Fourteen years ago, when I first saw the archival interviews with the Ariel School students, conducted by Harvard professor Dr. Mack, I was fascinated by the authenticity of the children. I ended up journeying three times to Zimbabwe and southern Africa, and also to the U.K, Canada, and around the U.S., to interview people who were at the Ariel School (and the surrounding region) on that day.
My team and I have dug up every type of primary document and media we could find, and it has grown into its current form: a feature-length documentary travelogue, journeying back to Africa while following the paths of individuals whose lives were entwined with the event.
We made the conscious decision to avoid narration or unrelated interviews. The story belongs to the Ariel School community. We didn’t use special effects because this is a real story, made with real footage – no recreations.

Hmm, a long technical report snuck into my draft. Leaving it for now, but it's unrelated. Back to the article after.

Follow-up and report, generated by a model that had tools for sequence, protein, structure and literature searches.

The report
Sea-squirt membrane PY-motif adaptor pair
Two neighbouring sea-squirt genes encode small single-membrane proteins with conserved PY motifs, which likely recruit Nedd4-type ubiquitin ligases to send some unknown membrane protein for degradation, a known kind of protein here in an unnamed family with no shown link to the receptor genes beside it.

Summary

I don’t know what happened on that day in 1994. But I do believe that in this current era, we need to take a real look at this phenomena – whatever it may turn out to be.
If you subtract the UFO element, this film is simply about the human experience of dealing with, and having to keep secret, a traumatic event that invites judgment. The people who are followed in this film face a universal dilemma – the need to be heard and recognized.
That’s something that’s happening on many levels in our society today: people finding the courage to speak out.
Randall Nickerson, Director
Who We Are
From Right: Randall Nickerson, Rebecca Rideout, Christopher Seward, Rikk Desgres (not pictured: Anne Krzanowski)